Certification:
Australia:M | Finland:(Banned) (original rating) | Finland:K-18 (2005) | Finland:K-18 (heavily cut) (1987) | Germany:16 (DVD rating) | Iceland:16 | Netherlands:16 | Netherlands:18 (1969) | New Zealand:R16 | Singapore:PG | Sweden:15 | UK:18 | UK:X (original rating) | UK:15 (DVD re-rating) (2004) | USA:M (certificate #22109) (original rating) | USA:PG-13 (re-rating) (2004) | USA:GP (re-rating) (1969) | West Germany:18 (f)

Did You Know?

Trivia:
The controversial rape scene was added at the last minute, after shooting was nearly complete, because Hammer studio head Sir James Carreras thought the film lacked "sex".See more »
Goofs:
Continuity: The flowers in Frankenstein's buttonhole change both color and shape between shots when he first invites Mrs Brant into Anna's house. They start as three yellow and purple tulips, change to a purple and orange spray during his conversation with Mrs Brant in the living room, and change back as he guides her down the laboratory stairs.See more »
Quotes:
Professor Richter:I have become the victim of everything that Frankenstein and I ever advocated. My brain is in someone else's body.See more »

FAQ

This FAQ is empty. Add the first question.
14 out of 16 people found the following review useful.
Frankenstein must be worshiped!!, 19 October 2004
Author: Coventry from the Draconian Swamp of Unholy Souls

Hooray! Here's another entry in the highly amusing Hammer Frankenstein franchise. Don't ever ask me to pick a 'best' or even favorite in this series because I instantly love every episode I can get my dirty little hands on :) And this fifth chapter is a true highlight as it has our Baron Frankenstein more and more evolving into a ruthless, cold villain. He blackmails a young couple; forcing them to assist him with his diabolical experiments (only he sees it as simple scientific evolution). Along with his new accomplices, Baron F. kidnaps a fellow mad scientist out of the asylum because he knows the skills to perform a flawless brain transplant. Unfortunately, Frankenstein's mad raving colleague has been drugged so much he now is a complete vegetable. Ingenious as he is, evil Victor transplants a few brains and commits a few murders to finally have the things the way he wants.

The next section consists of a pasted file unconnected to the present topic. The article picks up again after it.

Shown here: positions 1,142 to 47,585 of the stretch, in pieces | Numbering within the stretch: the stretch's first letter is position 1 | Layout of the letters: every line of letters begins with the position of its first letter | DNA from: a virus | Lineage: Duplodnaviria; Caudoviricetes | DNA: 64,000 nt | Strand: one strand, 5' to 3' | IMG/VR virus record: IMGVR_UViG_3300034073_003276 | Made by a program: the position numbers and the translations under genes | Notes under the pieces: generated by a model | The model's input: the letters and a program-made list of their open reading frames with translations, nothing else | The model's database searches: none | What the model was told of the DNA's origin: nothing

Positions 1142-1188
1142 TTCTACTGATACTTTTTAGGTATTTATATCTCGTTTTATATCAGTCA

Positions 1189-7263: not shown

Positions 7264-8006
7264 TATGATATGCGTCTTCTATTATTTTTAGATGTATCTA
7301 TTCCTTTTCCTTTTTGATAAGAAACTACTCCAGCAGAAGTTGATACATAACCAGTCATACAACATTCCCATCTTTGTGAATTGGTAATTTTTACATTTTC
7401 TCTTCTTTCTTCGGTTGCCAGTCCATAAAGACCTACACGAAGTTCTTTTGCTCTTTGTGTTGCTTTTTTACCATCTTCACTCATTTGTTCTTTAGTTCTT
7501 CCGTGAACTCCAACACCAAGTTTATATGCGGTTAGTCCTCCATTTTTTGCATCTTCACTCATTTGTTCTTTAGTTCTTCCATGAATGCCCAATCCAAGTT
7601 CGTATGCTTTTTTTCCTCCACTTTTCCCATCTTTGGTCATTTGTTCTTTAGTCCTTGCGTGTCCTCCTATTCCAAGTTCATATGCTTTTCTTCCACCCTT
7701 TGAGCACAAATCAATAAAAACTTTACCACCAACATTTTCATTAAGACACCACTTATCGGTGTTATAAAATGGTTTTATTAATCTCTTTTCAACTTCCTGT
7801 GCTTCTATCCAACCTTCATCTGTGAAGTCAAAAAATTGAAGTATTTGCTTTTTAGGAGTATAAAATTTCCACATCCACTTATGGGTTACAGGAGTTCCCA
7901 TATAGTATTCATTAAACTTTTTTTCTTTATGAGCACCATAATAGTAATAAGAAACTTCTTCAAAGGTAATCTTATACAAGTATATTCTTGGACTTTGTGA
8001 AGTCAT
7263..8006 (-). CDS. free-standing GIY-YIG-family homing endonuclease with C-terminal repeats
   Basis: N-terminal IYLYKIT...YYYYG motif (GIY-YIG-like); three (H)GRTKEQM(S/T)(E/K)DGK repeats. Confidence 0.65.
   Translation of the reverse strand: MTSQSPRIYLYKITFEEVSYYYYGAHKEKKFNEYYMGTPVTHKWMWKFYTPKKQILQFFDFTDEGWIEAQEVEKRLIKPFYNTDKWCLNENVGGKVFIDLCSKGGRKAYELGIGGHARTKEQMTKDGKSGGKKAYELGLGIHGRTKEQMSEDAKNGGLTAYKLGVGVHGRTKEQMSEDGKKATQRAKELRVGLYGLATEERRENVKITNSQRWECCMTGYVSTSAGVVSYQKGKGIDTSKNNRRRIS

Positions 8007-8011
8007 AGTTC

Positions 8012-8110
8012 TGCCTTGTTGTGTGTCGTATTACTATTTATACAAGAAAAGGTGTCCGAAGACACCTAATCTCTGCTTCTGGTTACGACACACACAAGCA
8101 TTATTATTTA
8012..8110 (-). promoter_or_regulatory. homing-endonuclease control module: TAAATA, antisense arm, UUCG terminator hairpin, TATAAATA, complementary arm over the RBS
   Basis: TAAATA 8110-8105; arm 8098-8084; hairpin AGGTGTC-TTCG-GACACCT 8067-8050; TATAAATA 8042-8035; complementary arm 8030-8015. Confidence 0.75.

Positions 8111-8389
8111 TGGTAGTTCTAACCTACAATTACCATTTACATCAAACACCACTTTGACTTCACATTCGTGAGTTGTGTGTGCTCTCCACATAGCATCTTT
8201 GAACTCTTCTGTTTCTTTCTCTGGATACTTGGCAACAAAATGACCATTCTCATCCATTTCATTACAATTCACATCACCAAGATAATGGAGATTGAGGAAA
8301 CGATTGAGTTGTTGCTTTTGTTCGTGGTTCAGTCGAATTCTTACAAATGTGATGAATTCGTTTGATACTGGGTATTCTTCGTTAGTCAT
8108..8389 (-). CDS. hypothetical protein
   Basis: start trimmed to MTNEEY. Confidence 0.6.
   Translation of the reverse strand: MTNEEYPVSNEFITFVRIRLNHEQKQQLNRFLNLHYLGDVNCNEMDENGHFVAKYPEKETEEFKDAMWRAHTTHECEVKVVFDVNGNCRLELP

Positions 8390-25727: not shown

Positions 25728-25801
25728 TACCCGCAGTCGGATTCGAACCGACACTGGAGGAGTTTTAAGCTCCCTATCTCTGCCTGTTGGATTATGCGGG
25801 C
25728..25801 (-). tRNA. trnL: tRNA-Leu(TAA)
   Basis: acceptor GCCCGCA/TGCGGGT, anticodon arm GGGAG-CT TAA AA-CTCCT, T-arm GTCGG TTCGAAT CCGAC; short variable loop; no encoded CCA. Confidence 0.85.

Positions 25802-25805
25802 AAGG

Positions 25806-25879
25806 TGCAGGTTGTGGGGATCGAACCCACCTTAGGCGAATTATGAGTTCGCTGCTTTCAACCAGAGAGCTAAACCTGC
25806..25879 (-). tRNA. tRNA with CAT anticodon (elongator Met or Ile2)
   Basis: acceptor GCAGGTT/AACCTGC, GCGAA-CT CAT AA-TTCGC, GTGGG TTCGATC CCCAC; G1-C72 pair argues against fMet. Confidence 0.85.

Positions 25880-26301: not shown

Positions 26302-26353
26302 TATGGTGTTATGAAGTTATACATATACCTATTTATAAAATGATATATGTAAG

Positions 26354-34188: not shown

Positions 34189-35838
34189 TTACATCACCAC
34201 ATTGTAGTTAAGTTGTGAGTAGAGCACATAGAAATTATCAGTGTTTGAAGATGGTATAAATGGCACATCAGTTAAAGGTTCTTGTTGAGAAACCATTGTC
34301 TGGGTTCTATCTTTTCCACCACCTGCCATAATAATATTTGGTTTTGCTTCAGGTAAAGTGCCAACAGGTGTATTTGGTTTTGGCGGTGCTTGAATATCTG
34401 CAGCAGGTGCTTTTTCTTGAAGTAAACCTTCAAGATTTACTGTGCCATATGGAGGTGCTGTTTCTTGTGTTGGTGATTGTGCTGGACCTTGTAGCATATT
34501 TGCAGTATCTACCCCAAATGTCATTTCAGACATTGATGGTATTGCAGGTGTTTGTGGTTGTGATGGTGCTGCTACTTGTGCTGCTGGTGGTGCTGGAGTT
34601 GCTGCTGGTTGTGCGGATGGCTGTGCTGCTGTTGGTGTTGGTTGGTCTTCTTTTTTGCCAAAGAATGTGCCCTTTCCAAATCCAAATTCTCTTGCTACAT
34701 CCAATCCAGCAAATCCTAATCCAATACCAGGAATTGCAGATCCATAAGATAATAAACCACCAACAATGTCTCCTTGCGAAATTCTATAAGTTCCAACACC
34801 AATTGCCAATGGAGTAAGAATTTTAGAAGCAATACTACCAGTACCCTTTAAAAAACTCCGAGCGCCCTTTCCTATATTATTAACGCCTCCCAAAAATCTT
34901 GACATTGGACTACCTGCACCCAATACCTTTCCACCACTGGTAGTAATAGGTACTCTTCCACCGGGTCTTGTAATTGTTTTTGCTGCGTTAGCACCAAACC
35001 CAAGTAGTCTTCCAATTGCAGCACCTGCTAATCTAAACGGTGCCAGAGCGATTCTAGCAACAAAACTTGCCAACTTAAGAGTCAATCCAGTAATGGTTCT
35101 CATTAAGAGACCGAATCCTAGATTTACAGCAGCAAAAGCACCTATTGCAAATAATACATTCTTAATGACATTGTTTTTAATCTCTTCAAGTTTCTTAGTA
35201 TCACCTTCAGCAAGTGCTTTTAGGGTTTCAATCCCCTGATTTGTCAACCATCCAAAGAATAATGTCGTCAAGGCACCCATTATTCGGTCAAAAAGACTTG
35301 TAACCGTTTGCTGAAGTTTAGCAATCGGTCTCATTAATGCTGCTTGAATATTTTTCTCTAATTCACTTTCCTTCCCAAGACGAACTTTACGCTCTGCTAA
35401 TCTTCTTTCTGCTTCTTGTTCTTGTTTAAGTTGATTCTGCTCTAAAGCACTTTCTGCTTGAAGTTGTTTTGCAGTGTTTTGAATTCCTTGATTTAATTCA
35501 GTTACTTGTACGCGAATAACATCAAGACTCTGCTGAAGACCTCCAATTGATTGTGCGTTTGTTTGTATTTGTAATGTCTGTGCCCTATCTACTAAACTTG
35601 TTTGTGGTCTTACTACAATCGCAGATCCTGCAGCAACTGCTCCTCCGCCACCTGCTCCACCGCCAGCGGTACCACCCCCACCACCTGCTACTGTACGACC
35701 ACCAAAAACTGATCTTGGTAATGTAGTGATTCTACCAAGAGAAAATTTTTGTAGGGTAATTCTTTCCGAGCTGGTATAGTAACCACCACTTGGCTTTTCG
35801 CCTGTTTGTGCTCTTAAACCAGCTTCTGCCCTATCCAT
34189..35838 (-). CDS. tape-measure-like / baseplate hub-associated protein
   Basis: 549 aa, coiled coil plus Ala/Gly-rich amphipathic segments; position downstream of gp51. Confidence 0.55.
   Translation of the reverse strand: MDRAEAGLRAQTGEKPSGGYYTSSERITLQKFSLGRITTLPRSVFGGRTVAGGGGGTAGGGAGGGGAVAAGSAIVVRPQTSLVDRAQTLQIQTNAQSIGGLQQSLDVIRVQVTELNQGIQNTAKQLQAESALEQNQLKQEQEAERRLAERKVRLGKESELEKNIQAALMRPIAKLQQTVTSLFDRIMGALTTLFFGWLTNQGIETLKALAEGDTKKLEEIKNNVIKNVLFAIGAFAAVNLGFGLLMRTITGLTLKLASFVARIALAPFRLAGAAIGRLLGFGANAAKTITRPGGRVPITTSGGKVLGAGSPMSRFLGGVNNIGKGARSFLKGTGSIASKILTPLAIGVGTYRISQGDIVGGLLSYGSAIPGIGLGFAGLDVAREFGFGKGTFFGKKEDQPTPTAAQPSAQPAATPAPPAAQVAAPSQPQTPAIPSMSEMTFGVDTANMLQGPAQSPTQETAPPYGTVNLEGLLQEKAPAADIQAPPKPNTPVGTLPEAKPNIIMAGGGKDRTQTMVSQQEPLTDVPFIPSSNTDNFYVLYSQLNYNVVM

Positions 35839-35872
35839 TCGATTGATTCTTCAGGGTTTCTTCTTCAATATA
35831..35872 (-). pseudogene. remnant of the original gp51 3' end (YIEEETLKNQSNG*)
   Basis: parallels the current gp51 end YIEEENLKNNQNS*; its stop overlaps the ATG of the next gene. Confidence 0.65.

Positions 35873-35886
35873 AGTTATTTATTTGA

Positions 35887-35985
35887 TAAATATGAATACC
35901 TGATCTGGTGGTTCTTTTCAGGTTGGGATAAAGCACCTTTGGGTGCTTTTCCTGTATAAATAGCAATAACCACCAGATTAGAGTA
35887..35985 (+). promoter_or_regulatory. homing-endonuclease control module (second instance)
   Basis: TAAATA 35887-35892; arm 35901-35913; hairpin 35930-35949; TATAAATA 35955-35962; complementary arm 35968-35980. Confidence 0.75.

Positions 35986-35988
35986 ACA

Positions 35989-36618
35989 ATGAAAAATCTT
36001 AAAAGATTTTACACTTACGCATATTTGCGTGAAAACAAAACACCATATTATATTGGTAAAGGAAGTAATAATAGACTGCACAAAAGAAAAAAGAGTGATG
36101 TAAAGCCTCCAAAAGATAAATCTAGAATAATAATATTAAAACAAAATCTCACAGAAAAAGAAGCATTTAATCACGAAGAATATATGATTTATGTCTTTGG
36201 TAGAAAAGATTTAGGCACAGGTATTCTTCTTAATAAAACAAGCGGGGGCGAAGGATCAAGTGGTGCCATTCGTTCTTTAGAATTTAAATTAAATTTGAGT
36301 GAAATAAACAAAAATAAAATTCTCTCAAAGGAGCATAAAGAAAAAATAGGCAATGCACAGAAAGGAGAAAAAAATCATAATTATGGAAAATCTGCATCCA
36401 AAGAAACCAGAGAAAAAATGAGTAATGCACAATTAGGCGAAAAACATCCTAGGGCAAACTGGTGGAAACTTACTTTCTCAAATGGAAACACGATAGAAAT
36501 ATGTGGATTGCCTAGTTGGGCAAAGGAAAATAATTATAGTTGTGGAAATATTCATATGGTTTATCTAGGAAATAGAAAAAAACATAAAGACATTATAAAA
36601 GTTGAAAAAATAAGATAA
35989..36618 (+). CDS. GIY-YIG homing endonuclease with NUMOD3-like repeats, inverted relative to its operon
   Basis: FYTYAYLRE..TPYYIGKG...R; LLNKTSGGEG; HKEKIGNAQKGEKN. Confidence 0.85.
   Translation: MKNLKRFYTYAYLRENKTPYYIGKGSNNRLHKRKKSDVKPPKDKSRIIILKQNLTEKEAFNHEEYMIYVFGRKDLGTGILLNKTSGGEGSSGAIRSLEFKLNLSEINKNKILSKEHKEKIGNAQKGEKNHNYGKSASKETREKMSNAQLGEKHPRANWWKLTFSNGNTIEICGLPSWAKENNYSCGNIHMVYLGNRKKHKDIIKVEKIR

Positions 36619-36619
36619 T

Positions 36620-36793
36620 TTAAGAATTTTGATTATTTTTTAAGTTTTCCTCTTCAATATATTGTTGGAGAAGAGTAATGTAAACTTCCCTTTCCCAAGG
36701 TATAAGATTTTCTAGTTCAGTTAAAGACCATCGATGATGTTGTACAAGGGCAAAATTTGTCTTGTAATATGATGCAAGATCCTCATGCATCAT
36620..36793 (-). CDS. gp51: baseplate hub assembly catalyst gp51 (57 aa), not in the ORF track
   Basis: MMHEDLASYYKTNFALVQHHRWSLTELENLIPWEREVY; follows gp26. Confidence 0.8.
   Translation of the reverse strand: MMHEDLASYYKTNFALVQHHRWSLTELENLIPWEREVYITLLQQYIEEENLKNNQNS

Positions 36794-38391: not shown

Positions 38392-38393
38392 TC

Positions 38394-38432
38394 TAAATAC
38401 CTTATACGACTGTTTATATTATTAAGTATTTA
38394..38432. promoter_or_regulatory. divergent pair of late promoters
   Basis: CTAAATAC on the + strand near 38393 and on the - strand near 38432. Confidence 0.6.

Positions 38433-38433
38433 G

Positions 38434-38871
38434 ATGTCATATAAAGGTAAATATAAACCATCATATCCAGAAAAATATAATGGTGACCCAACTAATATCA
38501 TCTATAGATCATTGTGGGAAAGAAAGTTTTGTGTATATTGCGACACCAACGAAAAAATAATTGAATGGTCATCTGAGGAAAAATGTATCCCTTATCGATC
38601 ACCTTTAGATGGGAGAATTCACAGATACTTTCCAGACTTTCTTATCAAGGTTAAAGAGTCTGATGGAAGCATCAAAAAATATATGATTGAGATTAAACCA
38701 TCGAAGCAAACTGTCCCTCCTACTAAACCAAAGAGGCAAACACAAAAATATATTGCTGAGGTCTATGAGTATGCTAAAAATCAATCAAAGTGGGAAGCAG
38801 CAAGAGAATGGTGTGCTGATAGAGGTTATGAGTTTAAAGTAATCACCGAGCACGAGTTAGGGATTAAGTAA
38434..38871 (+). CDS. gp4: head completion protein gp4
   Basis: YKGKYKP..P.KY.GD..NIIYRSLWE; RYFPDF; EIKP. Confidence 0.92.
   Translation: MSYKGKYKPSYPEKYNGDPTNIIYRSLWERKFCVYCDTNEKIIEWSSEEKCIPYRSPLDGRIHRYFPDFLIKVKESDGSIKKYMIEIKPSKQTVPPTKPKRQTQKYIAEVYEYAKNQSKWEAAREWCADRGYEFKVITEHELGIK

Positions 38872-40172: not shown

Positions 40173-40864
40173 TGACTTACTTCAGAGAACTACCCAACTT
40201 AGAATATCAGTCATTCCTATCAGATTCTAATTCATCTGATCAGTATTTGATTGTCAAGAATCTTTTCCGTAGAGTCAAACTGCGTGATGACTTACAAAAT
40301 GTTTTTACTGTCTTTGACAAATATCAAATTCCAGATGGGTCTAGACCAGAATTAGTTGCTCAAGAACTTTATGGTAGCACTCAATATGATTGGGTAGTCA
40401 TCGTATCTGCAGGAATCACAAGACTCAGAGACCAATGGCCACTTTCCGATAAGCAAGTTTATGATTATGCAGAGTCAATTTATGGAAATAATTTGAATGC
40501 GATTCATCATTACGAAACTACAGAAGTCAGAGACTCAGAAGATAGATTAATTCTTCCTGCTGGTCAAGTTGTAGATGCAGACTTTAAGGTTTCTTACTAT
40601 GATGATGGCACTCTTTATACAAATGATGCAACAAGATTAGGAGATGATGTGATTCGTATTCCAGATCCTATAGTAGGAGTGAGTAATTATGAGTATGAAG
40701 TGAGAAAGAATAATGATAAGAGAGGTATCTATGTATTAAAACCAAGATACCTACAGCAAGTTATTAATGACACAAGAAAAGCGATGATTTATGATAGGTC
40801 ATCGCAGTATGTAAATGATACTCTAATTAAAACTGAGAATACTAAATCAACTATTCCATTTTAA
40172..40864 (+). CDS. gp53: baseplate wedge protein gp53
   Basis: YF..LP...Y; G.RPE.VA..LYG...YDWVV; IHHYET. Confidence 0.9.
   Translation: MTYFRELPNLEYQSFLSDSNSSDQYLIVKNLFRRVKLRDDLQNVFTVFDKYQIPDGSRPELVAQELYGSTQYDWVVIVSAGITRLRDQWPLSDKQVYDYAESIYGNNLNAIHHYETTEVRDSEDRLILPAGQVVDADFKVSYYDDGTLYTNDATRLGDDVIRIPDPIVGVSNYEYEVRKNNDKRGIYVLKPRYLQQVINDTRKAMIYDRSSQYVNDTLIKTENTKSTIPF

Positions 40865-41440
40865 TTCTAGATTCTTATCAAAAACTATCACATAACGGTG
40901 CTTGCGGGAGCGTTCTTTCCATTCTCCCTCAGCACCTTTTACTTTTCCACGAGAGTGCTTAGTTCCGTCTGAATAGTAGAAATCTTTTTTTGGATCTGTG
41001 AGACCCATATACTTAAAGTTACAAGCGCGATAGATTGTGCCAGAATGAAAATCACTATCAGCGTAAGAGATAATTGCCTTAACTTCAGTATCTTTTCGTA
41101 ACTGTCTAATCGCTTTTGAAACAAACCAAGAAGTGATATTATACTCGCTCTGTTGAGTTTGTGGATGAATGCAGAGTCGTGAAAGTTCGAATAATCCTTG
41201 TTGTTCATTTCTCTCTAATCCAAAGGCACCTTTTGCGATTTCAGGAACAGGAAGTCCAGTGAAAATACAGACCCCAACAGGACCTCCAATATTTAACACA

After 4 prequels, numberless others adaptations and several novels, Hammer Productions (and class-A director Terence Fisher in particular) still manages to present the Frankenstein films as original and innovative horror adventures. It's remarkable how Cushing and Fisher completely shifted the initial horror from Frankenstein's monster to Baron Frankenstein himself! In this film, the creature is a pathetic 'victim' while it's Cushing who's the criminal mastermind. Needless to say that Cushing is absolutely powerful in his loyal role of the Baron. He's actually so good in preaching his medical ambitions that you often sympathize with him, even though you witness with your own eyes he's bad to the bone! Cushing receives excellent feedback from the young actor Simon Ward and the exquisite Veronica Carlson. 'Frankenstein must be Destroyed' is an intriguing horror film for some other reason as well. Fisher inserts a healthy dose of Romanticism in this episode plus it's also one of the first Hammer films that feature the sexual content and undertones they'll use more and more in their 70's films. Hammer's popularity tempered a bit during the late 60's/ early 70's and they tried to make up for this by showing more ravishing meat (Carlson's cleavage) and sexual insinuations. In short, Frankenstein must be destroyed is essential horror viewing! It has loads of tension and exciting sequences, the film is professionally made, well-acted and it features a fair amount of bloodshed.

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Question about MPAA Rating.... kahloesque